The same can be said with prospecting calls. If you know you need to do a bulk of calls today, it is best to get into the office and work on them immediately. Your TTD (time-to-dial) is the time it takes for you to get into the office to the time it takes to dial your first call. Many top salespeople recommend getting your TTD down to as low as possible, which is something we advocate for ourselves. The sooner you start calling, the more likely you are to keep going and the sooner you’ll be done!
After the first call, write your note so you can reference it next time and get into your next call as soon as possible. This is important as getting distracted between calls with an email or office chat is easy, and you will never get your calls completed. You’ve gone to the effort of blocking time, preparing your script and getting the first call done, don’t let it go to waste by delaying the next one.
Have a script or talking points
A big part of phone hesitancy can be simply attributed to the idea of knowing what to say.
Write yourself a script!
Open the call by introducing yourself and letting them know you won’t keep them too long (they’re busy, and we’re interrupting, remember), then get straight to the point of the call and make it apparent. Don’t get into the habit of reading your scripts verbatim, as you will sound disinterested and robotic. Treat the script as a jumping-off point to start a conversation or a safety net to fall back on if a sudden silence befalls the discussion. You will likely not need a script when you get into it, especially if you’re writing and referencing notes from previous conversations.
Remember, before you make the first call, read your script aloud! There’s nothing worse than reading it aloud for the first time on a call and realising you’ve waffled through an introduction for 5 mins before they can register who you even are!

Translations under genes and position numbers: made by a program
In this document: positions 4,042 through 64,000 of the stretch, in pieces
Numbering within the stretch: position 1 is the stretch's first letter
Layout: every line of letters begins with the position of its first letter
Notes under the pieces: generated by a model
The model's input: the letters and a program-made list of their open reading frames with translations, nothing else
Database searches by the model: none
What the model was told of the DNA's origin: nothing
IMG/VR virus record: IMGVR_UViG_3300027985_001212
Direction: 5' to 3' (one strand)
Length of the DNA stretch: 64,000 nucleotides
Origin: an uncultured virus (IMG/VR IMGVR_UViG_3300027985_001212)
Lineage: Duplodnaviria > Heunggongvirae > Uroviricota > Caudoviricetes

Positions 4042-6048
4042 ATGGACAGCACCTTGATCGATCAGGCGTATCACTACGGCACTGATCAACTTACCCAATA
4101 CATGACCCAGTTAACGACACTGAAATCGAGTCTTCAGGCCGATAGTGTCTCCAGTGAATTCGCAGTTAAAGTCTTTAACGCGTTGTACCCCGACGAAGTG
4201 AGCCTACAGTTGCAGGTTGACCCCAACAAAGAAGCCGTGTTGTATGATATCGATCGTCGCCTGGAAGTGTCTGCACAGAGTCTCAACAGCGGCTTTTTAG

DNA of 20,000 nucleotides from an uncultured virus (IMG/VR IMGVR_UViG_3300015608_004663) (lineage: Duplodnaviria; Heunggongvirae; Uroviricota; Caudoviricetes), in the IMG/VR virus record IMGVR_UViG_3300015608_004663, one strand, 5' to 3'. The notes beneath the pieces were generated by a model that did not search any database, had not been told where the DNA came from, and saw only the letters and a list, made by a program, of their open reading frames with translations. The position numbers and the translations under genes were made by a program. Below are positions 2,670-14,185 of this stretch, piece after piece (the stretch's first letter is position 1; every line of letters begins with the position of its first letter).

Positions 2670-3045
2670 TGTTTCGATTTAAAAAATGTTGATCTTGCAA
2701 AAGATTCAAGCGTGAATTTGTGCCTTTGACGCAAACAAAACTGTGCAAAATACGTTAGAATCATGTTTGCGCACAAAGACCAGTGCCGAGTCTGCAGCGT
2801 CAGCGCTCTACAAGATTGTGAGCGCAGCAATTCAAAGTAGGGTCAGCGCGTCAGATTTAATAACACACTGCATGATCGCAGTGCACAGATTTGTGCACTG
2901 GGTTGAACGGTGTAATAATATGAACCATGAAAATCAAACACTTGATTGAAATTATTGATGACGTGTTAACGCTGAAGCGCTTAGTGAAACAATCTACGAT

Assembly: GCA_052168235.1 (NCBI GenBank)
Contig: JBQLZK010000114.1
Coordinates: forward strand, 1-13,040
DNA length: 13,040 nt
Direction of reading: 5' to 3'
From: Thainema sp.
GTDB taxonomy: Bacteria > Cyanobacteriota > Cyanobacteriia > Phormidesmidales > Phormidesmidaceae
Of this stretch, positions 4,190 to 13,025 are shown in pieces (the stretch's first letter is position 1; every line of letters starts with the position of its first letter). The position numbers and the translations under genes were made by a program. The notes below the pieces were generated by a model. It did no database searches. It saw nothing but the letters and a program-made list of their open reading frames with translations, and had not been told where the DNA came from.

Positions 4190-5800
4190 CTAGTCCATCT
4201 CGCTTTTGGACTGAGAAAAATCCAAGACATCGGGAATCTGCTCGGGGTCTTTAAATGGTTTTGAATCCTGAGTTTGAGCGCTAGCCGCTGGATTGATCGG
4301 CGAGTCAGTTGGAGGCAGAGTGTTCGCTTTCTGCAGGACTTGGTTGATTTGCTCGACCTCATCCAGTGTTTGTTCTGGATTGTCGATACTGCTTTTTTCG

Remember: mistakes are proof that you are trying
Recognising your calls for what they are is essential – they’re phone calls, not brain surgery!
Mistakes are going to happen. Occasionally you’re going to get tongue-tied; you’re going to say a name incorrectly; there will be awkward silences. The key is acknowledging your mistake but not dwelling on it – call the next number and move on. If you wade in a pool of your own mistakes for long enough, you’ll get tired and drown.
The tongue slip will likely not live in the client’s memory for a long time. And hey, if the mistake is silly enough for them to remember, you’ll have something to laugh about with them next time you call!
Prequalify your data
Prequalifying your data is essential for reducing your phone hesitancy and ensuring you have a lean and effective CRM or database.
Making sure you have the correct information increases the likelihood of a genuine conversation by eliminating awkward questions like, “am I speaking with Jane?”. If you know that your data is correct and up-to-date, you can confidently start a call. You save the precious time exhausted by habitually checking Price Finder or RP Data to check that you have the owner’s details and not the tenant or vice-versa.
Don't get caught on the ‘no’
We’ve all heard the saying that every “no” is a step closer to a “yes”. And it’s so so true! Each time you offer an appraisal to a client and get declined, you’re getting closer to the client that needs one as they’re thinking of selling.
And to flip the perspective on this, we would say that every “no, not right now, thanks” is a chance to get to know the situation a little better, get more familiar with the client and further cement your name and expertise as their expert. Each conversation is a yes in that sense. It’s developing your brand and your relationship with that client. What do your conversations sound like when you start to think of them like that? Are they different? Are they less immediately goal orientated and more nurturing and rapport-building? Each of these conversations leads to you walking in the door at list time and signing it without a fight.
So with that in mind, rip the bandaid off and get into it! You never know where that next dial is going to lead. Remember to listen for that “not yet” as it could mean “sometime soon”.